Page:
Poor planning, weak oversight and greed combined to soak U.S. taxpayers and undermine American forces in Iraq and Afghanistan, government watchdogs tell a new commission examining waste and corruption in wartime contracts.
Since 2003, the Pentagon, State Department and U.S. Agency for International Development have paid contractors more than $100 billion for goods and services to support war operations and rebuilding.
There are 154 open criminal investigations into allegations of bribery, conflicts of interest, defective products, bid rigging, and theft stemming from the wars, according to Thomas Gimble, the Pentagon's principal deputy inspector general.
The Associated Press obtained the prepared testimony of Gimble and Stuart Bowen, special inspector general for Iraq reconstruction, in advance of Monday's first hearing by the Commission on Wartime Contracting.
The commission will begin hearings on a year-long investigation into what happened to tens of billions of taxpayer dollars spent in Iraq on reconstruction projects. And Bowen's report documents case after case of waste, fraud and abuse, reports CBS News correspondent Russ Mitchell.
After invading Iraq in 2003, the United States had a postwar plan for six months. It ended up being six years.
The Bush administration predicted only $2 billion taxpayer dollars would be needed to rebuild Iraq. The tab is $51 billion and counting - half of that amount was spent on private security contractors.
The new report, "Hard Lessons: The Iraq Reconstruction Experience," finds the U.S. government "was neither prepared for nor able to respond to the ever-changing demands" of stabilizing Iraq. The report also says there were multiple shortcomings in the planning.
For example, there were not enough troops to contend with the worsening security situation. And at the same time it was fighting a brutal insurgency, the U.S. undertook a huge reconstruction effort.
Rebuilding water and sewage systems, the electricity grid, buildings, roads, airports, and ports fell on private companies. Much of the work was given to firms like Kellogg Brown and Root and Bechtel, which had contracts, which the report says, functioned like an open-ended checkbook.
The report finds these projects were "grossly burdened by waste," Mitchell reports. At least 35 people have been convicted of criminal misconduct committed during the U.S. reconstruction program, according to the report.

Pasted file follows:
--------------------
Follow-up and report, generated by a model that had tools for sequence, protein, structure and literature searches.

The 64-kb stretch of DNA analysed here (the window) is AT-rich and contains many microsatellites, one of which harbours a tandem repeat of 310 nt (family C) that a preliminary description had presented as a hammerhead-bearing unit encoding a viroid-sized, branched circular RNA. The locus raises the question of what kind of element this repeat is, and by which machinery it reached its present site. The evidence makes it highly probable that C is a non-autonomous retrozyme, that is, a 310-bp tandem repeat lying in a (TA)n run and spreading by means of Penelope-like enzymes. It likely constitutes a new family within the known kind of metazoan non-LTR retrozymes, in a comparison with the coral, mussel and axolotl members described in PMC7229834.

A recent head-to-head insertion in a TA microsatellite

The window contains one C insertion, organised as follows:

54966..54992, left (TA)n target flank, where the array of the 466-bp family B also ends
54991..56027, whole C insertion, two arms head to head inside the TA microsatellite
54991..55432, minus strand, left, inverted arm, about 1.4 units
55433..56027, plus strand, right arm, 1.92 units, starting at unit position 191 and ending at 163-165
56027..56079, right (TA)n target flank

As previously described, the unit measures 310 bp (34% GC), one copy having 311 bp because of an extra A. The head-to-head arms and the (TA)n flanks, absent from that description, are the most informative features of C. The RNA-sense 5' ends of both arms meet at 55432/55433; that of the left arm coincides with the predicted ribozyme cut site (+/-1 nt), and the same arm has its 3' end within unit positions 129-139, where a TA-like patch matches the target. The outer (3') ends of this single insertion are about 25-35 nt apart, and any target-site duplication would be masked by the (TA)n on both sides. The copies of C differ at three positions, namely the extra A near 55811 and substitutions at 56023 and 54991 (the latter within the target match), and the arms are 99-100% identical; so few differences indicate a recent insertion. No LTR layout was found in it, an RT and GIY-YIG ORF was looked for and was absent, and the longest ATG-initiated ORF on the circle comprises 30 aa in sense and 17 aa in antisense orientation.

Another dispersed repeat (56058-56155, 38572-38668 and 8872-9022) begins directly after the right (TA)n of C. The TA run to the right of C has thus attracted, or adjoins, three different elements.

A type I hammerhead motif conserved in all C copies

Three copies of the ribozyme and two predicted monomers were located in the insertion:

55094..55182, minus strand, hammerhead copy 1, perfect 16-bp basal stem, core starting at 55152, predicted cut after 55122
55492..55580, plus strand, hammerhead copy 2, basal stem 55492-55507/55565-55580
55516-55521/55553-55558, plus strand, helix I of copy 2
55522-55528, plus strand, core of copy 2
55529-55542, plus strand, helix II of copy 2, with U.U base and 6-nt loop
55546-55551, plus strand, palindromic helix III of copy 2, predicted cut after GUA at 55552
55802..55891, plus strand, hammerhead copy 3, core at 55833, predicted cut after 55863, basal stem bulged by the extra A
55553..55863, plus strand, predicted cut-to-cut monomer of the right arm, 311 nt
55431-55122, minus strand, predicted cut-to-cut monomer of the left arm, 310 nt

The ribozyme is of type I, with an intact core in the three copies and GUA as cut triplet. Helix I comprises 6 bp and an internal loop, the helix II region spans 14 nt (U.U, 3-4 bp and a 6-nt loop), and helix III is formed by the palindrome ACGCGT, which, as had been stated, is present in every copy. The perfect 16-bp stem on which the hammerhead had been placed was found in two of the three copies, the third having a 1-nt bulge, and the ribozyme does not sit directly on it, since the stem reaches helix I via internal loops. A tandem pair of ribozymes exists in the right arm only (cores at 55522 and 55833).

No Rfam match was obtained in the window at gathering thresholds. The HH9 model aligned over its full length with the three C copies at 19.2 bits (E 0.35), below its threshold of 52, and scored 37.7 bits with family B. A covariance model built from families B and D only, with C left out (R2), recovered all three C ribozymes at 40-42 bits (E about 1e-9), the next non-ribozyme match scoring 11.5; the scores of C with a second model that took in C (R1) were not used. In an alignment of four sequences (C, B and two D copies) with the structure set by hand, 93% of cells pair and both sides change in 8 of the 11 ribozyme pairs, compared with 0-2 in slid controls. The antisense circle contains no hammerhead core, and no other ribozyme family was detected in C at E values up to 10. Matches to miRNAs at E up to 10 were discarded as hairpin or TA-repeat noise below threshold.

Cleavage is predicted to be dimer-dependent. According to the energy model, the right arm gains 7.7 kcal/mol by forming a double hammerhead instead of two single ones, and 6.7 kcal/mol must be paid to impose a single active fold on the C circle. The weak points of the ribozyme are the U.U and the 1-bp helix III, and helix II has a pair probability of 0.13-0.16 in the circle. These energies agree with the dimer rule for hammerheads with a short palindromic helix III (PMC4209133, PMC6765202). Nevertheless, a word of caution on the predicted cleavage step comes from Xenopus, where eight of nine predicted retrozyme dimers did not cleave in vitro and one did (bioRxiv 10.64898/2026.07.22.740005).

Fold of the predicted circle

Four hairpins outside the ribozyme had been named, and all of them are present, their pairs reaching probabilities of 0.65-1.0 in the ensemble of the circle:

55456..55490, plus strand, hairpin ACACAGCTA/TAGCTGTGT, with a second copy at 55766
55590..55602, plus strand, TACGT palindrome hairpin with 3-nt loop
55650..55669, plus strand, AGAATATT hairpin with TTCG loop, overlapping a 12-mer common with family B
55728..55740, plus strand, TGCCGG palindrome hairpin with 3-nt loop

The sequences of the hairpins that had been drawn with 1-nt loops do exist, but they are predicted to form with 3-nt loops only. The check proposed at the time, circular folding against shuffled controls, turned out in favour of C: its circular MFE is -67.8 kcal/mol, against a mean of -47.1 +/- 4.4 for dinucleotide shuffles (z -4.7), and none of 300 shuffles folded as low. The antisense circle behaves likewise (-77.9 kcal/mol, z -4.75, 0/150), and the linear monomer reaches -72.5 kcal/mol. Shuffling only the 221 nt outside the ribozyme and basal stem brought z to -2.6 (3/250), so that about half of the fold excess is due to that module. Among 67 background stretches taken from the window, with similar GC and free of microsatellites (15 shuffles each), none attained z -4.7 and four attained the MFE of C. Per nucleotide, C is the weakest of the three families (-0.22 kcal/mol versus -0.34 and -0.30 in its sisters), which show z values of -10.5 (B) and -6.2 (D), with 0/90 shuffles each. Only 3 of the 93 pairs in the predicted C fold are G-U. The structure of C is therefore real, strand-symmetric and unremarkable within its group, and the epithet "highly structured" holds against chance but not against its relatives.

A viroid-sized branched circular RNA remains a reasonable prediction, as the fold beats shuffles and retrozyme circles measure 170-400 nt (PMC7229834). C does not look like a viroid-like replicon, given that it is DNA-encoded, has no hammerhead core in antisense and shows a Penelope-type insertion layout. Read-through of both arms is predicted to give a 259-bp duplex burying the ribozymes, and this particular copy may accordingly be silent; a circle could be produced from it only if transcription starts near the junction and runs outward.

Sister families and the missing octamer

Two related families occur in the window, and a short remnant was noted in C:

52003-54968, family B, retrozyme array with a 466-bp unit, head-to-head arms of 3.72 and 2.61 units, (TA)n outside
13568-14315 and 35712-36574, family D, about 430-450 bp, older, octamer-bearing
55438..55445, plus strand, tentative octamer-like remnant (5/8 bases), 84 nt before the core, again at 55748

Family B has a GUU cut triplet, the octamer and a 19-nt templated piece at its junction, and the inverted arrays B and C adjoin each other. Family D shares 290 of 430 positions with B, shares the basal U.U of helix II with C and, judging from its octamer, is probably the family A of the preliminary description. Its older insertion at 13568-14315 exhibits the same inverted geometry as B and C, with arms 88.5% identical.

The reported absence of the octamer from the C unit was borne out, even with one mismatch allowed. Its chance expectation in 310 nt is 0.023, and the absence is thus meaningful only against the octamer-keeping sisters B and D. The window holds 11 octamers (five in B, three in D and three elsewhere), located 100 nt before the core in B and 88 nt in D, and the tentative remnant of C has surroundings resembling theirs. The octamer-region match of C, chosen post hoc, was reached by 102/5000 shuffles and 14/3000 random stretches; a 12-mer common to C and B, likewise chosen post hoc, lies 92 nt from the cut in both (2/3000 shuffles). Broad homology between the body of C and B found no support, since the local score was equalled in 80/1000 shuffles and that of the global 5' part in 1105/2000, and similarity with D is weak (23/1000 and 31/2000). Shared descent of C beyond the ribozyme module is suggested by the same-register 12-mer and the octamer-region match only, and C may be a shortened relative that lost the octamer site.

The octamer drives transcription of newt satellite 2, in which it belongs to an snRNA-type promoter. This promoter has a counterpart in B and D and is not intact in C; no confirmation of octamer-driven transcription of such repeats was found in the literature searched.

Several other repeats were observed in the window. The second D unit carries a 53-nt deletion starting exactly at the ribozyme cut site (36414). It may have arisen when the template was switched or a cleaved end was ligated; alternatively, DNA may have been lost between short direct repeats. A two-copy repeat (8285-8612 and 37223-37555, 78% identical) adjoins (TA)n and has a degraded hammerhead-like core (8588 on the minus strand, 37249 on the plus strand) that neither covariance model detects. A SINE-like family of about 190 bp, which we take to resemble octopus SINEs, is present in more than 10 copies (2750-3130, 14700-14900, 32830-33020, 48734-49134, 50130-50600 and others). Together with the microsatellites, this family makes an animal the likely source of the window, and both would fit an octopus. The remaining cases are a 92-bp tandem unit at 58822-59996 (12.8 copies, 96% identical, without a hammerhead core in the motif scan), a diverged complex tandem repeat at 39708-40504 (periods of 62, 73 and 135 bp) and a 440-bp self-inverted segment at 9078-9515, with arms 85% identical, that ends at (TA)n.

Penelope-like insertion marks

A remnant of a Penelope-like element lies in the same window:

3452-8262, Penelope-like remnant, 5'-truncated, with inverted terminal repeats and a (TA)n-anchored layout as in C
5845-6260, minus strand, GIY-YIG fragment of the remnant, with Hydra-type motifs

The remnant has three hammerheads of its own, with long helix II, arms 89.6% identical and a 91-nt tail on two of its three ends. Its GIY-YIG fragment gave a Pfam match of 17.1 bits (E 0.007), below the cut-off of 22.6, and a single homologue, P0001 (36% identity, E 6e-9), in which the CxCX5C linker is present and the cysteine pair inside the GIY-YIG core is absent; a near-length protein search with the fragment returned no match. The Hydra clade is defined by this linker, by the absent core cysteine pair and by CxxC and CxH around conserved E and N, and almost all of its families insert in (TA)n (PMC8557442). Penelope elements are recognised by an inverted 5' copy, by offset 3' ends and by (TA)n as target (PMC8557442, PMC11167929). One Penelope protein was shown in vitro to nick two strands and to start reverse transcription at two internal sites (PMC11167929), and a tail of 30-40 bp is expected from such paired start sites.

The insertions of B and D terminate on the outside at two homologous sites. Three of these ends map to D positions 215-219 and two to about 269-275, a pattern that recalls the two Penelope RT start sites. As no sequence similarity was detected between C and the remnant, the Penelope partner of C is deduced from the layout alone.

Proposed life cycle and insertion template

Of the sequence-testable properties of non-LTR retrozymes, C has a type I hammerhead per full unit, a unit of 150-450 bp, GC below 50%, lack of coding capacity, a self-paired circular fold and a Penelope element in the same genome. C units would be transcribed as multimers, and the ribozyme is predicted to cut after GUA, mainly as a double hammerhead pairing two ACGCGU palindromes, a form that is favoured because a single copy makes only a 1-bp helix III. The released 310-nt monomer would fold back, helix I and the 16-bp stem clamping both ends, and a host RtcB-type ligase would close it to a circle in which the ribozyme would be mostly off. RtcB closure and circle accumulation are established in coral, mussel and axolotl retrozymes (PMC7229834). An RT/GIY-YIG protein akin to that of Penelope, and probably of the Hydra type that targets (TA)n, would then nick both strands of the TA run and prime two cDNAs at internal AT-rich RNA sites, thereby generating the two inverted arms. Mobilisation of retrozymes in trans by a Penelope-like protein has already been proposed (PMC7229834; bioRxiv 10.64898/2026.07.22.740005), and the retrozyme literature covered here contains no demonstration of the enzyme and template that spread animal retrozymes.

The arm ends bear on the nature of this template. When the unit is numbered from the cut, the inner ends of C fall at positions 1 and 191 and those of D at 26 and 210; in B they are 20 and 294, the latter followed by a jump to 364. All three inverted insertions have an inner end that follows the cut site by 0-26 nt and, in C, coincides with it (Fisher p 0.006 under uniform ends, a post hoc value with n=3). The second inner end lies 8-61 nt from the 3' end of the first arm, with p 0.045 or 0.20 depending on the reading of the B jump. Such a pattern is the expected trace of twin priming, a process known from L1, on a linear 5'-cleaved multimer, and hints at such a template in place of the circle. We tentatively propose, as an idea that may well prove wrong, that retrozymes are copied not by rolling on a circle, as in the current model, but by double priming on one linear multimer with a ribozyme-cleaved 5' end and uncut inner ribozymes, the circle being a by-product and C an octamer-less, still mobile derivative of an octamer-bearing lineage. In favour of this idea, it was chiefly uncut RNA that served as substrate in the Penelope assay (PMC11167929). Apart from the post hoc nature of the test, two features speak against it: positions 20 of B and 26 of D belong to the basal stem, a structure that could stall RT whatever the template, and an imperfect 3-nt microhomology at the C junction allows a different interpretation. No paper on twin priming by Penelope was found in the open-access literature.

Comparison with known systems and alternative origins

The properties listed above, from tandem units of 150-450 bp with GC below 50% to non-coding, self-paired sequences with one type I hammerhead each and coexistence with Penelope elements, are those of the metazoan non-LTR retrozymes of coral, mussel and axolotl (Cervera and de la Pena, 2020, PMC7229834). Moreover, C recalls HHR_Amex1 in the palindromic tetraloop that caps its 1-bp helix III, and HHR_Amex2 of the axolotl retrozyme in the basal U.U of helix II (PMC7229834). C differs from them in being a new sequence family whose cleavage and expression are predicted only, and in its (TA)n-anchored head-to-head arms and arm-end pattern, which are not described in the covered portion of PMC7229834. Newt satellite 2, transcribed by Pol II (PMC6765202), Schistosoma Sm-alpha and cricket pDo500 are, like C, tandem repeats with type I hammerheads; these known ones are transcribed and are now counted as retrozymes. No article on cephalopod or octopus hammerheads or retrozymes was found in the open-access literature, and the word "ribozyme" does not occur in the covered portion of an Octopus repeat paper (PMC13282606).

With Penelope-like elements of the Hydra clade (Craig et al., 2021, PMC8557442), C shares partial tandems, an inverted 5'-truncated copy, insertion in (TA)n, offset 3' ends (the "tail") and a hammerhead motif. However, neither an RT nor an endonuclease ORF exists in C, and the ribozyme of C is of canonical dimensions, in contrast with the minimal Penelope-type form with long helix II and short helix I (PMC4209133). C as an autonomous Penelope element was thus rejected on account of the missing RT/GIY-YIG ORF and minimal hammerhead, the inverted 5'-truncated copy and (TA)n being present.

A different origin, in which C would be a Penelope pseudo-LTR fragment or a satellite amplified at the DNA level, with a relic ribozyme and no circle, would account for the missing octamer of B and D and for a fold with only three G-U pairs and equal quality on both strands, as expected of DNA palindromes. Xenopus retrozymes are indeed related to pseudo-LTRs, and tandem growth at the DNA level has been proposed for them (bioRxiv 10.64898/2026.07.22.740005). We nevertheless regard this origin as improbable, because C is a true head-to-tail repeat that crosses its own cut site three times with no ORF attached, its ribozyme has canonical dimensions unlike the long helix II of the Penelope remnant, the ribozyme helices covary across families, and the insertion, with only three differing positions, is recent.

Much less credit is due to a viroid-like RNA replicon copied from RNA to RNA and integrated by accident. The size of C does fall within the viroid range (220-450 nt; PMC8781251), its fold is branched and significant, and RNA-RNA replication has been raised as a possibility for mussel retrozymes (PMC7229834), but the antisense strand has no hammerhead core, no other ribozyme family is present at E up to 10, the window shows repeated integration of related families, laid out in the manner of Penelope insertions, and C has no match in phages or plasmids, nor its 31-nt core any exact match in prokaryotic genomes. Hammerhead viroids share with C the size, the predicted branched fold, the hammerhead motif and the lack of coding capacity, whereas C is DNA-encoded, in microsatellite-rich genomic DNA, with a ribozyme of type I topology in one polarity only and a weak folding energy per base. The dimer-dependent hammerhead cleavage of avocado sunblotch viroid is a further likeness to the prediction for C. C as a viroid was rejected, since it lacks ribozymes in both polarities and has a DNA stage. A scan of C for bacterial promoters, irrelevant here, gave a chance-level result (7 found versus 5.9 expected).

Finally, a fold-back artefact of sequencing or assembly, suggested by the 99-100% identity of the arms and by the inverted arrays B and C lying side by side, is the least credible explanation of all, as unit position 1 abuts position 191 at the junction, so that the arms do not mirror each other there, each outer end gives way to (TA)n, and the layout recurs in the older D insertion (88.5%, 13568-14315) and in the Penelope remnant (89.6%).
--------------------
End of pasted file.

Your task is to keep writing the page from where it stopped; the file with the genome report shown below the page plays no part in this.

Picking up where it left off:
Bowen, author of the report, told CBS News the reconstruction plan went from "very narrow" to "enormous" in just three months after the fall of Saddam Hussein's regime.
"It effectively became like building the airplane while you were flying it, and as a result, there was not the resources, there was not the structures, there were not the personnel to carry out so large a program so quickly," Bowen says.
Styled after the Truman Committee, which examined World War II spending six decades ago, the eight-member panel has broad authority to examine military support contracts, reconstruction projects and private security companies.
It is more blue collar than blue ribbon. The first members were not named until July; there still is a vacancy. They had no offices, no support staff and no work plan.
The commission found space in an unassuming building in Rosslyn, Va., just down the road from the Pentagon. It has spent the last few months getting organized. The leaders are Mike Thibault, a former deputy director at the Defense Contract Audit Agency, and Grant Green, a former State and Defense department official.
The panel has until August 2010 to produce a final report. Along the way, it can refer to the Justice Department any violations of the law it finds.
Gimble and Bowen, in their prepared testimony, focus on different aspects of the wars, but with the same bleak tone. Gimble's office found that a small number of inexperienced civilian or military personnel "were assigned far-reaching responsibilities for an unreasonably large number of contracts."
He cites an account tapped frequently by U.S. military commanders in Iraq and Afghanistan to build schools, roads, and hospitals. More than $3 billion was spent on these projects, which were not always properly managed.
"In some instances, there appeared to be scant, if any, oversight of the manner in which funds were expended," Gimble says. "Complicating matters further is the fact that payment of bribes and gratuities to government officials is a common business practice in some Southwest Asia nations."
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